I am partial to the view that "if p, then q" has the same truth conditions as "not-p or q", but there is pragmatic stuff going on. But after thinking hard about Field's remarks on the implications of the Montague Paradox for certain solutions to the liar paradox (in a Beall anthology), I've been drawn to think more about an odd but significant difference between "If p, then q" and "not-p or q".
Here is the less striking way to show the difference. Consider:
- (x)(Human(x) → Mortal(x))
- (x)(~Human(x) or Mortal(x))
- Human(Seabiscuit) → Mortal(Seabiscuit)
- ~Human(Seabiscuit) or Mortal(Seabiscuit)
Here is another way to see the difference. Some people think that sentences like "x is F" are nonsense (gloss: don't express a proposition) when x fails to be of a certain kind for which attribution of Fness makes sense. These people will, for instance, deny that "The chair is true-or-false" makes any sense. (I am inclined to think it makes perfect sense, but is false; chairs aren't propositions and don't express propositions, so they are neither true nor false.) Now, plausibly, if "q" doesn't make sense, neither does: "r or q". That's just nonsense. So, on such a view:
- This chair is true-or-false or this chair is not a proposition
- This chair is not a proposition or this chair is true-or-false.
- If this chair is a proposition, this chair is true-or-false
For another illustration of this last point, go back to (1) and (2). The quantification seems to be unrestricted, including such entities as numbers and properties. But it is not clear that "Mortal(7)" makes sense. If not, and if disjunction requires both disjuncts to make sense, then (2) is in trouble. But (1) is just fine.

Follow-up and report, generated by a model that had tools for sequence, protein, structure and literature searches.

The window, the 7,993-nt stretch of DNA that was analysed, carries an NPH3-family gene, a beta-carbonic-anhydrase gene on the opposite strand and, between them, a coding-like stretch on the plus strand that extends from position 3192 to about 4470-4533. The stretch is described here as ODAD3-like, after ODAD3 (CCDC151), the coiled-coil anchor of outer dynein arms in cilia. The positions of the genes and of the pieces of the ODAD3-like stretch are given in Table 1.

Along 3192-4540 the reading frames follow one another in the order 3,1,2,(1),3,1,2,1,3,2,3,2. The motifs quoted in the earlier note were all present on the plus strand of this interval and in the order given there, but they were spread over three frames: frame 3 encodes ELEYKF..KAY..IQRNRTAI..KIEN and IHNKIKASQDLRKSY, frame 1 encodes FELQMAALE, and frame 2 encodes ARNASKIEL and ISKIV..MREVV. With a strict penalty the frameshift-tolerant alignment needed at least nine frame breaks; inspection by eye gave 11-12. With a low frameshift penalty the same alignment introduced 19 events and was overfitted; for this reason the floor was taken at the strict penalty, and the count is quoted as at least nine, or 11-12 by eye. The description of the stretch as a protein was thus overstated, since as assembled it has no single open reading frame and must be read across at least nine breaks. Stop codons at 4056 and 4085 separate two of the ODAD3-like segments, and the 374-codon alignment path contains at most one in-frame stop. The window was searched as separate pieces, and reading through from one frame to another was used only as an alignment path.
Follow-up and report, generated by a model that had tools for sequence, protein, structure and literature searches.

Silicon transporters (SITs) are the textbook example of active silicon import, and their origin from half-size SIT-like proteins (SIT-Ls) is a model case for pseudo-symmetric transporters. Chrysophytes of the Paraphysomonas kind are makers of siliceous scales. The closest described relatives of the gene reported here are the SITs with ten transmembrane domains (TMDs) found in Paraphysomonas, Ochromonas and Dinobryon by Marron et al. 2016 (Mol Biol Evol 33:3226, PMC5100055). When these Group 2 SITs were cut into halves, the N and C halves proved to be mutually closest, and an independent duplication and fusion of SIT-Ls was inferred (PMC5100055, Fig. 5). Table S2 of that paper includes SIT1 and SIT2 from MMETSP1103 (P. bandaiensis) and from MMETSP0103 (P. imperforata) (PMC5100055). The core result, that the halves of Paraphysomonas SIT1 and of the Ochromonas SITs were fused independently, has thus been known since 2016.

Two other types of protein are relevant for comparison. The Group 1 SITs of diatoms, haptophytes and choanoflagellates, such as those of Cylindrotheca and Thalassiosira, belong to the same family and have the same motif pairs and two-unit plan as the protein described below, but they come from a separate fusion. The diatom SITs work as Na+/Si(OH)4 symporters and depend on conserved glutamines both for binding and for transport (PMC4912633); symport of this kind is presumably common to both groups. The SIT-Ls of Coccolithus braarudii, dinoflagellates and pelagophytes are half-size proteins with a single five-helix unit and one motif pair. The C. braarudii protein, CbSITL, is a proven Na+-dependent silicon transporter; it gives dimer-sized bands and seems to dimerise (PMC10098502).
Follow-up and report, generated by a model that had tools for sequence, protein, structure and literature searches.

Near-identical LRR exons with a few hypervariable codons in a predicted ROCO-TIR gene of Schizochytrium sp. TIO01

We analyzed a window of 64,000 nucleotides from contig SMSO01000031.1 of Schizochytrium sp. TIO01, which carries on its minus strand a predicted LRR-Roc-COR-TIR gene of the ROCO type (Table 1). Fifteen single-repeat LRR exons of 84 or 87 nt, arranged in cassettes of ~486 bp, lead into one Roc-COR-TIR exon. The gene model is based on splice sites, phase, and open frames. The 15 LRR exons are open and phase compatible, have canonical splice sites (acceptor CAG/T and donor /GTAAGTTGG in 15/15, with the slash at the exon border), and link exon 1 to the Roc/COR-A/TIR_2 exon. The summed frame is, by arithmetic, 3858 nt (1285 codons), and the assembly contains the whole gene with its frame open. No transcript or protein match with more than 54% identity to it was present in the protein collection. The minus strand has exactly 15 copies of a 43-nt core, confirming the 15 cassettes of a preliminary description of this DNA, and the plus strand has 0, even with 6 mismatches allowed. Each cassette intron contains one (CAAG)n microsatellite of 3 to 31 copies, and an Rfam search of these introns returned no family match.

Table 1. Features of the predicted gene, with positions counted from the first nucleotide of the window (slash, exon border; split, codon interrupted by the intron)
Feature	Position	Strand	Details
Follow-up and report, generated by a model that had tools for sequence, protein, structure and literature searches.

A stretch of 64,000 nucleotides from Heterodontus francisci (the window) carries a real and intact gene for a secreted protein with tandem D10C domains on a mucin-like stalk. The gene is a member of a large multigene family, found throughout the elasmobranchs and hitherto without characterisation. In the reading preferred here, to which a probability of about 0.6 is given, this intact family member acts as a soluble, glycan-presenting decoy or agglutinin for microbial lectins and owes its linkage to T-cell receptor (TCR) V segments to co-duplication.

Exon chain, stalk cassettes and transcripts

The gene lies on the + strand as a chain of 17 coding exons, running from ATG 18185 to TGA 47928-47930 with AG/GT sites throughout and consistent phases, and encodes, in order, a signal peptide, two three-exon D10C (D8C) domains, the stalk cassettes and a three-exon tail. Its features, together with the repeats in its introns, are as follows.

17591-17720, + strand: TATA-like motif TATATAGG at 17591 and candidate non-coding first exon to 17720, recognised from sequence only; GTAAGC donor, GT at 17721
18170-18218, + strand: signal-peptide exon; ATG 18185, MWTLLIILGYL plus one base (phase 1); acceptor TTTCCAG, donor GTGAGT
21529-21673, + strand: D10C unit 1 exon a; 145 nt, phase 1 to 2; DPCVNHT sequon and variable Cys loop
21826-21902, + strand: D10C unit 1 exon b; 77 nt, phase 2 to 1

In a lot of programming languages, logical disjunction operators are actually asymmetrical. This means that if you do something like "f(x) || g(x)" ("||" being disjunction) in perl or C, the function g(x) is not evaluated when f(x) turns out to return truth. The disjunction operator shortcuts in this way. As a result, you can do things like "x == 0 || y/x == z" without worrying about the fact that the second disjunct is non-sense if x is zero, because the second disjunct is unevaluated when x is zero. But in human language, I suspect that there is no similar shortcutting in disjunction. Apart from implicatures, there is a symmetry in disjunction. But, I suggest, there is such a shortcutting in conditionals.
But I don't know exactly how far the shortcutting in conditionals goes. I am not sure I want to say:
- If the sky is green, then **##^^).
- The sky isn't green or **##^^).